US Ambassador Joseph Mussomeli expressed concern Monday about rumors that the government may stop a US-based group from holding a ceremony in Phnom Penh on Sunday to call attention to the ethnic conflict in Sudan’s Darfur region.
New York-based Olympic Dream for Darfur plans to light a symbolic Olympic torch at the Tuol Sleng genocide museum in a bid to bring attention to the crisis in Darfur ahead of Beijing’s Summer Olympic games.
China is a major Sudanese trade partner and Beijing has been accused internationally of not using its economic leverage to apply pressure on the Sudanese government to bring peace to Darfur, where an estimated 200,000 people have died since 2003.
According to a Dream for Darfur press release, US actress and human rights activist Mia Farrow is expected to attend the ceremony in Phnom Penh along with co-host Center for Social Development Executive Director Theary Seng, Toul Sleng survivor Vann Nath and Mussomeli.
“There is a rumor that the government may not allow [Dream for Darfur] to do the ceremony,” Mussomeli said by telephone on Monday.
“It would be disappointing if the government wouldn’t allow it,” he said, noting that he will host a reception at his house Saturday evening for those involved in the torch relay.
Sunday’s ceremony would not be critical towards China, he added.
“This is not directly against China in any way, otherwise we would not be involved with it,” Mussomeli said.
Information Minister and government spokesman Khieu Kanharith said Monday that he had been informed of the Dream for Darfur ceremony, but had no details.
“I am still looking into this organization,” he said.
However, Khieu Kanharith said that if the ceremony was found to be a type of demonstration against China, it was unlikely that it would be allowed.
“Usually we don’t allow any form of demonstration against any Embassy in Cambodia,” he said, adding that the government did not want a repeat of the 2003 anti-Thai riots in Phnom Penh.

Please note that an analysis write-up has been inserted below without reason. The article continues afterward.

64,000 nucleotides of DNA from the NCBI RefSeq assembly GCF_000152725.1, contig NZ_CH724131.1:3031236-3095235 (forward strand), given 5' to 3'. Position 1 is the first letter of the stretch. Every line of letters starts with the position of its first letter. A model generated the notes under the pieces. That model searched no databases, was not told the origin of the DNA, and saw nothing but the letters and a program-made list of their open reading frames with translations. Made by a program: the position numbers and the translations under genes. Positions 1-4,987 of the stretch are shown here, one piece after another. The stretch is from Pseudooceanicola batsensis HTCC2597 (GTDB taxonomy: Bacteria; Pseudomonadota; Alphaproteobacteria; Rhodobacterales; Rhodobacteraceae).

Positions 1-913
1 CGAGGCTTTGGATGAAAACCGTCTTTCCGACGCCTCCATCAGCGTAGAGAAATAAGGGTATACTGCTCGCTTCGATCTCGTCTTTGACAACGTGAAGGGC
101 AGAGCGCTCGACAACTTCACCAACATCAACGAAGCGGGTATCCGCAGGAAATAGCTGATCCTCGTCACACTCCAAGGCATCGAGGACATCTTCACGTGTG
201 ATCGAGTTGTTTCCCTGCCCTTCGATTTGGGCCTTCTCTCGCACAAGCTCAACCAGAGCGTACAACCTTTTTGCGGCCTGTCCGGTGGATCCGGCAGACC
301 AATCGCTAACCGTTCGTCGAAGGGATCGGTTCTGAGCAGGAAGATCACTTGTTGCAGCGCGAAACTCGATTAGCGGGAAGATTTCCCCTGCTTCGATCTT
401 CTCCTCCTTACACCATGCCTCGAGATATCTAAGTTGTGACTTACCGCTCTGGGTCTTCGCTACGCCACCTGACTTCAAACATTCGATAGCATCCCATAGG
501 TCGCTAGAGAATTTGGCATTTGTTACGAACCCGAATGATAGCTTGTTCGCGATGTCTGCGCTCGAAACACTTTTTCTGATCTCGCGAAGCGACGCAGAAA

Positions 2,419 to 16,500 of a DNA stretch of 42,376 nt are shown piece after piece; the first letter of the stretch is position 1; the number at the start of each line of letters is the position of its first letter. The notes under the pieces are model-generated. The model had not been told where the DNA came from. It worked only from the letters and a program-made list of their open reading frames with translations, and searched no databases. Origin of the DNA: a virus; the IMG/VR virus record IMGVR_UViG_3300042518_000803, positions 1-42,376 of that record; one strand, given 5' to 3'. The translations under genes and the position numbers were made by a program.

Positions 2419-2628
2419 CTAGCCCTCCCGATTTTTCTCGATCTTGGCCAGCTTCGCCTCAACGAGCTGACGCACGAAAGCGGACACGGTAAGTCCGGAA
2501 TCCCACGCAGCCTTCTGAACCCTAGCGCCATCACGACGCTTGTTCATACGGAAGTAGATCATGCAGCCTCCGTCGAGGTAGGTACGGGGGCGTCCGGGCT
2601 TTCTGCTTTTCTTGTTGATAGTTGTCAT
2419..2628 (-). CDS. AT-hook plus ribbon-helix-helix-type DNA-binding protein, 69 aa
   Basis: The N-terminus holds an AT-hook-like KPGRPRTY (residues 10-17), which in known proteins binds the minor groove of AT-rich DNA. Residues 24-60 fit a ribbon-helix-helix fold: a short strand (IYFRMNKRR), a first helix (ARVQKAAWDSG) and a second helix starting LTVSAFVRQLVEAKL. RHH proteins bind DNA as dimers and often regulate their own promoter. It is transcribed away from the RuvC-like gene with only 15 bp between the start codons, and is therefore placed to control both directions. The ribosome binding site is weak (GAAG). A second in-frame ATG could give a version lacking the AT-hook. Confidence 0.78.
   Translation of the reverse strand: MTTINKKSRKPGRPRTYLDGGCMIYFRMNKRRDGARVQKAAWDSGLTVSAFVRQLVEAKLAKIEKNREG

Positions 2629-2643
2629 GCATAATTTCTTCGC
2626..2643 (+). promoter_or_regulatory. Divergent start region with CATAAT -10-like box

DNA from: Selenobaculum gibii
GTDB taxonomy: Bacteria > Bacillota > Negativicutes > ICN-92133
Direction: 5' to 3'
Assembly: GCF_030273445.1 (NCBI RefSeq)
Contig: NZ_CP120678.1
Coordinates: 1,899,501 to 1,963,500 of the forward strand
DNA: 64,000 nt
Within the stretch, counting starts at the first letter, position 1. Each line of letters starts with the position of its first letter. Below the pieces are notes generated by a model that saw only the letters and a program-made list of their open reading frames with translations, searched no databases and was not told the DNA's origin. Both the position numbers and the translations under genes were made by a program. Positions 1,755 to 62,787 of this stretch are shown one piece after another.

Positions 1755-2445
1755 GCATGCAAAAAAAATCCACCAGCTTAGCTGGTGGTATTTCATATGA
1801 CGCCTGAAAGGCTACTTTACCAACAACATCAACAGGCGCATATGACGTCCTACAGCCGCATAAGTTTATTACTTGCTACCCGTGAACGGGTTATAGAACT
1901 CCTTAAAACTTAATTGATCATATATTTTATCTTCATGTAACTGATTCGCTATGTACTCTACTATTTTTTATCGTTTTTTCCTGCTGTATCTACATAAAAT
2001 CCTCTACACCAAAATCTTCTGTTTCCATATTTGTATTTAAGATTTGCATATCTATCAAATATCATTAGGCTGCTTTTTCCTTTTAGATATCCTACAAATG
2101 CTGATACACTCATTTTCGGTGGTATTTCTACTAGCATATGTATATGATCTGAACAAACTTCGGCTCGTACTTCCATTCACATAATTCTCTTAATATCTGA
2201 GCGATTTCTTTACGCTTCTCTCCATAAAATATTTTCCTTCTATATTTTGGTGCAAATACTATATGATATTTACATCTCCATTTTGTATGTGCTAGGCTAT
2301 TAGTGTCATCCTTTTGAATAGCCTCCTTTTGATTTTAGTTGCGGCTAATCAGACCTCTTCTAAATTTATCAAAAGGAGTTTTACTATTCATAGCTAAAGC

“We learned from the Thai Embassy riots,” he said.
Khieu Kanharith added that it was wrong to accuse one country of causing the problems of another. “It’s easy to blame the other outsiders,” he said.
Officials at the Chinese Embassy could not be reached for comment Monday.
According to Dream for Darfur’s Web site, Cambodia is the last country to receive the torch before it heads to China. Since the torch relay began in August, ceremonies have been held in Darfur, Rwanda, Armenia, Germany and Bosnia—locations where genocide was perpetrated.
The Dream for Darfur press release states that “The symbolic Olympic Torch Relay is urging the Chinese government, as both Olympic host and Sudan’s strongest political and economic partner, to use its special influence with the Sudanese government to ensure a robust civilian protection force in Darfur.”
According to the Dream for Darfur Web site, the torch relay is to “galvanize people around the world to exert pressure on China to continue to use its influence to protect civilians.”
CSD Director Theary Seng said that despite Dream for Darfur’s statements on its Web site, Sunday’s ceremony was strictly about Darfur and not China.
“Here in Cambodia our focus is on Darfur and to honor genocide survivors,” she said. “This is not an occasion to shame anybody.”
Since August, Dream for Darfur has not responded to e-mailed requests for comment on its planned ceremony in Phnom Penh.
Former S21 prisoner Vann Nath said Monday that he was invited to attend the ceremony to show support for the people in Darfur.
“My participation is just for sharing sorrow for what the Darfur victims have suffered as I have experienced [this] myself,” he said.
(Additional reporting by Kuch Naren)